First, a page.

We design your e-Commerce marketing #6 – ready for purchase

Since “lights” and later “camera” were said, the sentence must naturally end with “action”. The guide to marketing design in e-Commerce will end no different. If we managed to guide the client through the whole decision-making process, what could go wrong? As it turns out – quite a lot if you look at the statistics of even abandoned baskets. And that’s what we’re talking about today. Of course, I will use my right to advertise and invite you to read the previous part, where we were thinking about how decisions are made.

We went through 5 parts, during which we worked to make the customer aware of the problems (or opportunities if you are an optimist ?), we gave him solutions and tried to prove that our offer is the best.

And we succeeded.

customer journey success

Even on the home stretch, there are things that can happen that will effectively pull the customer away from you.

I remember once negotiating with a company on a project to implement very large e-commerce. Actually, everything went very well, we were a definite favorite among the competition. We practically agreed on all levels until the moment of signing a contract.

I don’t think you’ll be surprised (because what could be other meaning of this anecdote) that we haven’t signed the contract. Why? Because we settle in the T&M model, and our client wanted a fix price. From this event, I took one very important lesson – to talk about important issues much earlier.

What does my contract have to do with your e-commerce?

Much more than it might seem at the beginning.

According to statistics, up to 70% of shopping carts in online shops are discarded. This means that a customer puts energy into completing (at least partly) the order, go through your offer, and finally did not make a purchase.

reasons for cart abandonment

Of course, he didn’t necessarily have to make this purchase from your competitors (or even at all), maybe he thought about it, but, in any case, it’s worth looking at these numbers, because it’s a lot of money.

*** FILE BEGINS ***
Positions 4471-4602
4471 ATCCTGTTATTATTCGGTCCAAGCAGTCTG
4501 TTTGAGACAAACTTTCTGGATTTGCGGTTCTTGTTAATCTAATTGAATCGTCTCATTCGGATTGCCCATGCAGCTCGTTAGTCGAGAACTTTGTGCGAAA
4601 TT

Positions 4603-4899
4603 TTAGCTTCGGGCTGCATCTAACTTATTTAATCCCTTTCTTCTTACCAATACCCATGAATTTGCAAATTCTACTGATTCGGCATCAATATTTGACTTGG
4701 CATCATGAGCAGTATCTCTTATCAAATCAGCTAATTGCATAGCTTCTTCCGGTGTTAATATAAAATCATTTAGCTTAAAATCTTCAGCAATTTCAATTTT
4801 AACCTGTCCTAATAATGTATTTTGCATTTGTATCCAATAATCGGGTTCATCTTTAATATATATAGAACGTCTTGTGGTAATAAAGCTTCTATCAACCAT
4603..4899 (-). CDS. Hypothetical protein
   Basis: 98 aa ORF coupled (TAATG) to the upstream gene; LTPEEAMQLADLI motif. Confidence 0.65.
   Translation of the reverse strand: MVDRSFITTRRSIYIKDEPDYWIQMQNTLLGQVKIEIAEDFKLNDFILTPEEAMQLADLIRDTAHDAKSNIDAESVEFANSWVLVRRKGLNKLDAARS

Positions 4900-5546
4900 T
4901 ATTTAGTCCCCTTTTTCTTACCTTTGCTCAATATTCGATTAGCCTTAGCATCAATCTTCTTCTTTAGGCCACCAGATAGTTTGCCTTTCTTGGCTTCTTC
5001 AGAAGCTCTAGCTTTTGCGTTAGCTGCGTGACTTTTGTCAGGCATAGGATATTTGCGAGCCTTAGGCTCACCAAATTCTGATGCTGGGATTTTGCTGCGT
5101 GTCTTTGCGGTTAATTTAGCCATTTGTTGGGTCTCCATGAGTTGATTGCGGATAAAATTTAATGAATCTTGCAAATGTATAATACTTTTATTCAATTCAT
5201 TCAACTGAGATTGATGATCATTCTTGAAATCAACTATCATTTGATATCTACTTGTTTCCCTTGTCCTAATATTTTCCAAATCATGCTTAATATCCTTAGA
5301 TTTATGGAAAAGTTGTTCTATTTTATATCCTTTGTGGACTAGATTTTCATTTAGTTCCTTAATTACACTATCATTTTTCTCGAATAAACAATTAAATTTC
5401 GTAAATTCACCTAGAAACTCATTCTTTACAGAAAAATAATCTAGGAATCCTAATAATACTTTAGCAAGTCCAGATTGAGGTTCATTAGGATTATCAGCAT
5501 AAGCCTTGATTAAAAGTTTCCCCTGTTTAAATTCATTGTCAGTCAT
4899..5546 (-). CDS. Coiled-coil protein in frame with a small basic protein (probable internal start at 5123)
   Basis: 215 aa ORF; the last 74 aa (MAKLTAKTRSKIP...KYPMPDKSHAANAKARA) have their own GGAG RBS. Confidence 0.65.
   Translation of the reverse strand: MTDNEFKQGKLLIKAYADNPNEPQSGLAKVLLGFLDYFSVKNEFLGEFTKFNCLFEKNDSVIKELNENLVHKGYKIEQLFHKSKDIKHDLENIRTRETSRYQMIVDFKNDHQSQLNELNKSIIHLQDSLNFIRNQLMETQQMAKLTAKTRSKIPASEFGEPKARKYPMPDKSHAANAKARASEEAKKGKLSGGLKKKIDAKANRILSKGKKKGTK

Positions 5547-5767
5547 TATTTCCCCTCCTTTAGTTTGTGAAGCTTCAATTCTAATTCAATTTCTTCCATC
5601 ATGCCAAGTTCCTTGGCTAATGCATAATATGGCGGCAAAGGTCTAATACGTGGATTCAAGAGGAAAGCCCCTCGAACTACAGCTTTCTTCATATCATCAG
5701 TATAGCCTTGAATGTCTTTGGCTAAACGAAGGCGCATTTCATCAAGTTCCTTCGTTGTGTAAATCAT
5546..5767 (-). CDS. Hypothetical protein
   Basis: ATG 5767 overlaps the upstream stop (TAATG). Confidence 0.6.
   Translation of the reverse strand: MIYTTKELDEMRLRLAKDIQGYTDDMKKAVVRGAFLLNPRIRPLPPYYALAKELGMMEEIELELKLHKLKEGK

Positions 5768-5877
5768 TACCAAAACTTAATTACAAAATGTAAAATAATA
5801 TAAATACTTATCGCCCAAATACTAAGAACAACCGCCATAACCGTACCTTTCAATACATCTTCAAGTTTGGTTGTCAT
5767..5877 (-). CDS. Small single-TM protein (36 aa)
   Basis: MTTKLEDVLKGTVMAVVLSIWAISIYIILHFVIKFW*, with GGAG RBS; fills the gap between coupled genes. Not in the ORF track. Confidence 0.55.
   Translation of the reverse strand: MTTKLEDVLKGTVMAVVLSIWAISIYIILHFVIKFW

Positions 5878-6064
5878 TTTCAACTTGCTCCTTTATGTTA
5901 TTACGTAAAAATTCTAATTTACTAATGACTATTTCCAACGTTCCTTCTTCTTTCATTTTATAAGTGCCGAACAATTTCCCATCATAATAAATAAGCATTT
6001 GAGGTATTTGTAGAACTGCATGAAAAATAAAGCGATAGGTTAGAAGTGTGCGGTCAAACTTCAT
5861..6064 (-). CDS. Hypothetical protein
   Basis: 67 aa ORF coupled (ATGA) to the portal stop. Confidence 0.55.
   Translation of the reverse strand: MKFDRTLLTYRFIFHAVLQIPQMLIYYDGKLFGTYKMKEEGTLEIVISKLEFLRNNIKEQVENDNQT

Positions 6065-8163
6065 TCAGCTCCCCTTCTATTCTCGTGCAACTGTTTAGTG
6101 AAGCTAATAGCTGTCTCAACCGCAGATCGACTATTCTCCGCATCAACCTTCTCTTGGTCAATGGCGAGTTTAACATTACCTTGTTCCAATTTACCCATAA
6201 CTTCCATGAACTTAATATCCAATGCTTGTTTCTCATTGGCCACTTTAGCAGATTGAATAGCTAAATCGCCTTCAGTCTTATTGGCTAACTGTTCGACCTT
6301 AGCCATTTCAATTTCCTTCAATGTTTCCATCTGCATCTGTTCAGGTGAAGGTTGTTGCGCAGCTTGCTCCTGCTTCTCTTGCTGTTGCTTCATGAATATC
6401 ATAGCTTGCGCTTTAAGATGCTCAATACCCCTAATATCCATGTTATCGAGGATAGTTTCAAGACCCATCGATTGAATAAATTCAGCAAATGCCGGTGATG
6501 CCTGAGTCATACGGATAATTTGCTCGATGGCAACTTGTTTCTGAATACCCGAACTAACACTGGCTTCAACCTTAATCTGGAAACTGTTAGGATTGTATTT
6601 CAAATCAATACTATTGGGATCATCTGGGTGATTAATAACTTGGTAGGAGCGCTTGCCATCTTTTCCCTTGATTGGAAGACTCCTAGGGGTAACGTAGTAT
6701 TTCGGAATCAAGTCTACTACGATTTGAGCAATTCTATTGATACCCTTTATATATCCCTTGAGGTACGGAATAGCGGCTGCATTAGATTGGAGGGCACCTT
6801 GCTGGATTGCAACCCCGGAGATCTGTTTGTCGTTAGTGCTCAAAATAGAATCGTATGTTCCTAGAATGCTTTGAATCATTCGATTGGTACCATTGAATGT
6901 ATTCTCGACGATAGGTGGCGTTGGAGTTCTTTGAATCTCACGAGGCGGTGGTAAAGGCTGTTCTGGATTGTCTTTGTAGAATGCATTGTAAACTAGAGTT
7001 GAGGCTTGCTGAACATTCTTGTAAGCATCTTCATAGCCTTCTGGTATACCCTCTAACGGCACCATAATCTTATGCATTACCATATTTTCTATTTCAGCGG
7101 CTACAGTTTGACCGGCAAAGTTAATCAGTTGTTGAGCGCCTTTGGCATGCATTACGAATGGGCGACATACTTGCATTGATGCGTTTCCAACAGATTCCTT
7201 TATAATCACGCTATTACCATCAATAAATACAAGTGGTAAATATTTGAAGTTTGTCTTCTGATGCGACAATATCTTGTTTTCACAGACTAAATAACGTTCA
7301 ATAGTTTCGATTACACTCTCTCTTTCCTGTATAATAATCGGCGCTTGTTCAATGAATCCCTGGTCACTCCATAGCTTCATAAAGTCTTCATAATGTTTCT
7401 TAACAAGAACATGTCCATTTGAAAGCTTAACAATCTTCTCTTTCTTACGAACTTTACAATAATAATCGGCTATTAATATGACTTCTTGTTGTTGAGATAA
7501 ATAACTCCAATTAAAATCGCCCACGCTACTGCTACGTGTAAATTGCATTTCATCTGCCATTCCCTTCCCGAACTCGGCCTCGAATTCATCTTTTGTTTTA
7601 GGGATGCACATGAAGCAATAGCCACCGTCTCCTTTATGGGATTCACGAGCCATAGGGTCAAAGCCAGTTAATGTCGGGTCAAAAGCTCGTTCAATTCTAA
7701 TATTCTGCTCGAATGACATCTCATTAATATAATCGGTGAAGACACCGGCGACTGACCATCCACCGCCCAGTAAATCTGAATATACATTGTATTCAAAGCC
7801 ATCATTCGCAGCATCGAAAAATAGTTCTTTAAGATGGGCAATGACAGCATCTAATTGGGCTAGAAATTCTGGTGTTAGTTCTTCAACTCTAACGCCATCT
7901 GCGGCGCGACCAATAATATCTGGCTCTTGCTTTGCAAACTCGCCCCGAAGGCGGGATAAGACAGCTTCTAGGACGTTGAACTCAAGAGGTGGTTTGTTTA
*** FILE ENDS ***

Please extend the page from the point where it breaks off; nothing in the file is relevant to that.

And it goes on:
Most frequent reasons for abandoning shopping carts are:

  • hidden costs,
  • an obligation to open an account
  • complex purchasing process,
  • errors in a shop which make it impossible to make a purchase,
  • lack of security (or general lack of trust in the shop),
  • inadequate return policy.

Coming back to my example, we also have more reasons for “abandoning our offer” than the contract itself. However, it is important that you:

  • are aware of a customers’ objections,
  • skillfully defended against them,
  • recovered what can still be recovered.

How to get started? Of course, the same as before ?.

For the last time, we return to Customer Journey Map

customer journey map

Yes, we go back to CJM. By the way, the exercise itself was clearly to the readers’ liking, because I got even a few tables to check.

This time we are answering questions about what is happening with a customer when he is ready to buy.

Question Example What does it look like in your company?
What does a user do? Counts purchase costs, verifies cost-effectiveness, checks the security of purchase
What does a user think? Will a product arrive on time?
What are the current problems? Hidden costs, unclear purchasing process, no return policy
What are the touchpoints? Purchasing process, online consultant
What can we offer him? Delivery guarantee, as many delivery and payment methods as possible
What are our weaknesses? Non-functional purchasing process

Customers are worried till the very end

If you are dealing with a returning client (preferably one who would give you 9-10/10 in NPS scale), the action phase is rather short. Just another shopping.